Tuesday, February 23, 2010

When You Reach Me by Rebecca Stead

I am not ashamed to admit that I'm an awards hound. Give me a list of books that have either been shortlisted for or won an award, and I'll immediately go online and request copies from my local library. I am, however, ashamed to admit that I waited until Rebecca Stead's When You Reach Me won the Newbery Medal to check it out even after Betsy Bird said way back in April, " ...this book is, pretty much, one of the best children's books I have ever read."

After FINALLY reading it, I have to agree with Ms. Bird and so many others around the blogosphere who love this book.

It's the late 70's, and sixth-grader Miranda spends much of her time helping her mother practice for The 25,000 Pyramid game show. Her best friend, Sal, has suddenly stopped talking to her, and to make her "normal" life even more complicated, she's started receiving mysterious messages that not only seem to predict the future but convince her that she must help prevent the deaths of her friend and the letter writer. But who are the letters coming from and can Miranda do what is asked of her?

To wrap this book up in a neat little bow is difficult because there is so much going on. Not only is it a mystery, but it's a coming of age novel where Miranda is forced to make new friends and step outside of her comfort zone for the first time in her life. It's not until the very end that you realize what exactly is going on, and you're tempted to read the book over again to look for the clues that are scattered throughout.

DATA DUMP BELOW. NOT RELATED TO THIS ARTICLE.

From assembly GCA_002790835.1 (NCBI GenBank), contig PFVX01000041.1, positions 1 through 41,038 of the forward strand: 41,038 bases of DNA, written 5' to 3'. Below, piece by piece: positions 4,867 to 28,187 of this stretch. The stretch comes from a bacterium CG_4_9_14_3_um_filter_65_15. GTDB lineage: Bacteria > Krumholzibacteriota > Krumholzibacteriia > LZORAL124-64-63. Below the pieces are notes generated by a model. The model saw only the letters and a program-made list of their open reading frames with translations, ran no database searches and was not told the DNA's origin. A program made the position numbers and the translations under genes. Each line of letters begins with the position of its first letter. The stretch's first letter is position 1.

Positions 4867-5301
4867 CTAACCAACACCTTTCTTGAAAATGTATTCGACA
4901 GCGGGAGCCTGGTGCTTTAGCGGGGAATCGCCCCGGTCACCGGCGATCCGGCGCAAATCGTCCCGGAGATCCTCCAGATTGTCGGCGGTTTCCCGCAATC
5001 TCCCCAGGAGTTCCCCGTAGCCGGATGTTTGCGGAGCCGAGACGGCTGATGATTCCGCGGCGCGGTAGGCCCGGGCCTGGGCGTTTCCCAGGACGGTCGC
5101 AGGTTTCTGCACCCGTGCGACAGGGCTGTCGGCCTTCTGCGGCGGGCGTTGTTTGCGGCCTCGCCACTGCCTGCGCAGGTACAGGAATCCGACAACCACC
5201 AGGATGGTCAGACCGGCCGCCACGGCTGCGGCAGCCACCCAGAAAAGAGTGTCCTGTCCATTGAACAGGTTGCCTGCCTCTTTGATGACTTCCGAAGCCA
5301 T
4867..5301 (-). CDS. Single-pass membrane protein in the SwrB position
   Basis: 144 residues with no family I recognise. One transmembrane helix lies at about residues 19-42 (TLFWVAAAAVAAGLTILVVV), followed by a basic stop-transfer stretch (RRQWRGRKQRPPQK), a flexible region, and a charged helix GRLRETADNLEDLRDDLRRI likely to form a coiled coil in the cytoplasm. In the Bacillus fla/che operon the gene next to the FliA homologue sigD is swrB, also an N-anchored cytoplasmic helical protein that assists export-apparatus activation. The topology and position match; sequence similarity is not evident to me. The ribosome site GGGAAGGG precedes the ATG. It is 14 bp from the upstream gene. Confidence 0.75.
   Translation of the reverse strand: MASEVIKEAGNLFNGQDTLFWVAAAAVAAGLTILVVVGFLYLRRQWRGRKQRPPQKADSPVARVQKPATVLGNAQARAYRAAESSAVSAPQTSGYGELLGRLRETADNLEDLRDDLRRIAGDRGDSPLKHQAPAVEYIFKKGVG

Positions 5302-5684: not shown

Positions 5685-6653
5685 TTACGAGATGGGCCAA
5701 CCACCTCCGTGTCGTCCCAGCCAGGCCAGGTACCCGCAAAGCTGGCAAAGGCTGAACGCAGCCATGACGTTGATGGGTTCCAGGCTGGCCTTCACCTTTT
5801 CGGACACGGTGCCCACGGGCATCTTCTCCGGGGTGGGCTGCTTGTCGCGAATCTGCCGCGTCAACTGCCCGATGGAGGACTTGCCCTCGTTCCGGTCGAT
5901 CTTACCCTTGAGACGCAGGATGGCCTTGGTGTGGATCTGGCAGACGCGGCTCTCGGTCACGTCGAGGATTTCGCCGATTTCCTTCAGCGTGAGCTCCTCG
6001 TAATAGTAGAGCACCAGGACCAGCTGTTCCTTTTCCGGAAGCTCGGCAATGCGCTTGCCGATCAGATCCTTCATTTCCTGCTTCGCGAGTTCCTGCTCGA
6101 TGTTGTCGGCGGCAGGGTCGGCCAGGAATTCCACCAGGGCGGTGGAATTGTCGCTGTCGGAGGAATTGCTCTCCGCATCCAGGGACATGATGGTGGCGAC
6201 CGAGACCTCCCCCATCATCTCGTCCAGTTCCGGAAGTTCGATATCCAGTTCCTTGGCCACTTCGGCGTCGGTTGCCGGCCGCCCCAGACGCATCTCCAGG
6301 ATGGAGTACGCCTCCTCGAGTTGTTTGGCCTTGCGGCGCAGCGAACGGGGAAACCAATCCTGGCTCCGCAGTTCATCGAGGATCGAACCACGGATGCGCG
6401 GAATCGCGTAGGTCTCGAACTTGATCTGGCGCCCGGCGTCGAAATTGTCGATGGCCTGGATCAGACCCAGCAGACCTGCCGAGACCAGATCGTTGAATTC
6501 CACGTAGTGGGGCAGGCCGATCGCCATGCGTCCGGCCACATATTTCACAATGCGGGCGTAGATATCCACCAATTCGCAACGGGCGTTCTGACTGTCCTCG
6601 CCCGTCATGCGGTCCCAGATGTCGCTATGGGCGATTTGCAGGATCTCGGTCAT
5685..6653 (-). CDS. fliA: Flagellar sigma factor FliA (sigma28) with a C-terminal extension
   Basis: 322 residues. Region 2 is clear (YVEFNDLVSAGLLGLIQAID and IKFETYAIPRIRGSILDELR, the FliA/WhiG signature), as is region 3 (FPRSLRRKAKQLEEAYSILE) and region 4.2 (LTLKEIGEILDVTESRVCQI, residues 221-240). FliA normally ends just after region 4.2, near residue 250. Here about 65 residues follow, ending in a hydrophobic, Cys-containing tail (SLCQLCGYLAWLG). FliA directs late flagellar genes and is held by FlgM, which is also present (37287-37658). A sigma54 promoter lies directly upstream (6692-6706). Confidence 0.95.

What is most impressive is that Rebecca Stead is able to weave the complex storyline together in a fairly short novel with beautifully-written prose. Miranda is a truly believable character who many kids will identify with. And the references to A Wrinkle in Time, the book Miranda has read over and over again, were delightful. Those familiar with A Wrinkle in Time will have fun finding the similarities between the book and what is going on in Miranda's life.

This is a book, I'd give to any tween who likes both realistic fiction and a bit of sci-fi and mystery. For the perfect gift for a young book lover, pair When You Reach Me with A Wrinkle in Time. 

Reading level: 9-12 | Publisher: Wendy Lamb Books (2009) | ISBN: 978-0385737425 | Source: Purchased e-book

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Wednesday, February 10, 2010

North of Beautiful by Justina Chen Headley

Terra Cooper was born with a port wine stain that covers one cheek and has dealt with numerous surgeries and treatments to try to at least make it fade a bit her entire life. She's also dealt with numerous taunts from her peers and has resorted to wearing thick pancake makeup to cover it. Her verbally abusive and degrading father has managed to destroy anything that was left of her self-esteem. She doesn't think she's good enough to have a boyfriend that truly cares for her, so she settles for a self-absorbed jock who only really cares about his muscles. Then one day, by chance, Terra meets Jacob, somewhat of an outsider himself, and through him, she is finally able to accept herself and learn to heal.